On May 24 at the Vermont Library Conference at St. Michael's College, DOL's Continuing Education Coordinator Mara Siegel presented 18 public librarians with the "Vermont Certificate of Public Librarianship." This certificate is awarded to those Vermont public library employees who complete all requirements of the Vermont Department of Libraries' certification program. Awardees have five years to attend classes and workshops and take part in online instruction to earn the required 150 credits. More complete information about the program is available at: http://libraries.vermont.gov/libraries/ce/certificationguidelines 

The Department congratulates these librarians for their outstanding achievement: read more

Medical Information in Vermont Hospitals

How do Vermont hospitals assure that information is available to their health care providers when they need it? A recent survey of Vermont's hospitals provides a snapshot of medical information resources available in hospitals, and the status of hospital libraries, traditionally the locus of medical information. The survey report called "Knowledge-based Information in Vermont Hospitals: A Survey of Library and Information Services in 2010" was released in May by the University of Vermont Dana Medical Library, the National Network of Libraries of Medicine (NNLM)-designated medical resource library for Vermont. The intent of the report is to improve the services that Vermont hospital libraries offer. Partner agencies, including the Vermont State Library and the Vermont Area Health Education Centers, will also consider the results for implications for state library services and contiunuing education of health care providers. Read more

Postal Carrier of the Year

Peter Vermette of Chelsea has been named Vermont Postal Carrier of the Year by the Special Services Unit of the Vermont Department of Libraries and the Vermont Council of the Blind. This is the first year of the award which was created to draw attention to the role the U.S. Postal Service plays in the delivery of "talking books" to the visually impaired and physically handicapped and to reward postal carriers who go beyond their normal duties to assist customers who have special needs. Vermette was nominated for assisting in the replacement of a customer's mailbox post on his own time. The judges, representing the Department of Libraries and the Council of the Blind, came to a quick and unanimous decision. According to Special Services Librarian Teresa Faust, "By all accounts, the award went to a very deserving recipient. Several people told me this couldn't have gone to a nicer guy." Vermette received his award at the Council's annual meeting in Montpelier.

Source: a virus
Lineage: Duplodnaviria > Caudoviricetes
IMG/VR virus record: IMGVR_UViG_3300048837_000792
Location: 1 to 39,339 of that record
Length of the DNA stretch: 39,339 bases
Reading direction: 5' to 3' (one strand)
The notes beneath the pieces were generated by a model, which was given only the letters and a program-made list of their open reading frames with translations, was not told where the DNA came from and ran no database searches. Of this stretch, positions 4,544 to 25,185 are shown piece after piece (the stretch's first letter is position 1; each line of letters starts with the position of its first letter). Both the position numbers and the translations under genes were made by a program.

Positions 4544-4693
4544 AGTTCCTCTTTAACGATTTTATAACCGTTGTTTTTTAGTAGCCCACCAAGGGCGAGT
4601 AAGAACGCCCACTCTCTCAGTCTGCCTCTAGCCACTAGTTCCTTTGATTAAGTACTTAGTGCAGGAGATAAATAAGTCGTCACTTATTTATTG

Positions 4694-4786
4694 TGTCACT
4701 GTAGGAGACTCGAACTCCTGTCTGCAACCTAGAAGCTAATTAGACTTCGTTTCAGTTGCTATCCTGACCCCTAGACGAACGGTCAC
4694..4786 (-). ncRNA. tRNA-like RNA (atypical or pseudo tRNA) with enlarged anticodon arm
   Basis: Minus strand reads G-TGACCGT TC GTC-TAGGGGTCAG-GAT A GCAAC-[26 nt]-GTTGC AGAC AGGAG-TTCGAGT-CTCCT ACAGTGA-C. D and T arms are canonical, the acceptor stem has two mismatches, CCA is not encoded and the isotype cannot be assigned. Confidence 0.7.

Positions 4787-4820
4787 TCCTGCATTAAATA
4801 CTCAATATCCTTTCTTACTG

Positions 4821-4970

Park Passes for Libraries

Public libraries and a few colleges are celebrating the beginning of the Vermont summer season and the continuing pass program co-sponsored by the Vermont Department of Libraries, the Department of Forests, Parks, & Recreation, and Vermont State Historic Sites. Each pass has a list of the sites available for day-use visitors. In these economically challenging times, a free pass to outdoor recreation is a good thing.

 

Colleges began participating in the program in 2010. Only those colleges that lend materials freely to the entire community are eligible. Bennington College Director Oceana Wilson wrote, "Our 2011 passes just arrived! Thanks for this awesome program - we really appreciate it!"

 

For more information, including an order form for additional passes ($40 each) and a sample policy, use the link at http://libraries.vermont.gov/libraries/parks 

Public Library Movie License Contract Open

breakfastatthiffany's poster

Attention public libraries! Sign up now for your certificate for motion picture public performance rights from Movie Licensing USA. The Vermont Department of Libraries pays the bill for this contract, offering an excellent deal for quality library programming in hard times. In many communities, local library showings of movies provide audiences with an opportunity to experience other cultures, deepen understanding of film history and genres, enjoy a family "night out" or to provoke discussion. Here are some film program suggestions: Try the Marx Brothers, Mae West and Charlie Chaplin for early American films. See parts of Vermont on film in "The Trouble with Harry" (1954) and "Baby Boom" (1986) or "Beetlejuice" (1987). Use films to provide a new look at literature and acting with Audrey Hepburn in "Breakfast at Tiffany's" or Keira Knightly in "Pride and Prejudice." Read more

Free Posters for Labor Topics

Libraries are sometimes contacted by companies that offer to sell to them (often for a stiff fee) posters on labor issues required for employees. Save your money! The United States Department of Labor provides free posters, either via PDF or mailed on request. To order posters, use the website at http://www.dol.gov/elaws/posters.htm or call the Department of Labor at 1-866-487-2365.

 

Mandatory state posters for Vermont employers are available from the Vermont Department of Labor at: http://www.labor.vermont.gov  The link for "Forms and Publications" lists the posters and offers free Word or PDF files to create paper versions. Mandatory posters cover topics such as: "Employer Liability and Workers' Compensation," "Child Labor Law," and "Minimum Wage."

Apply Now! Early Literacy Initiative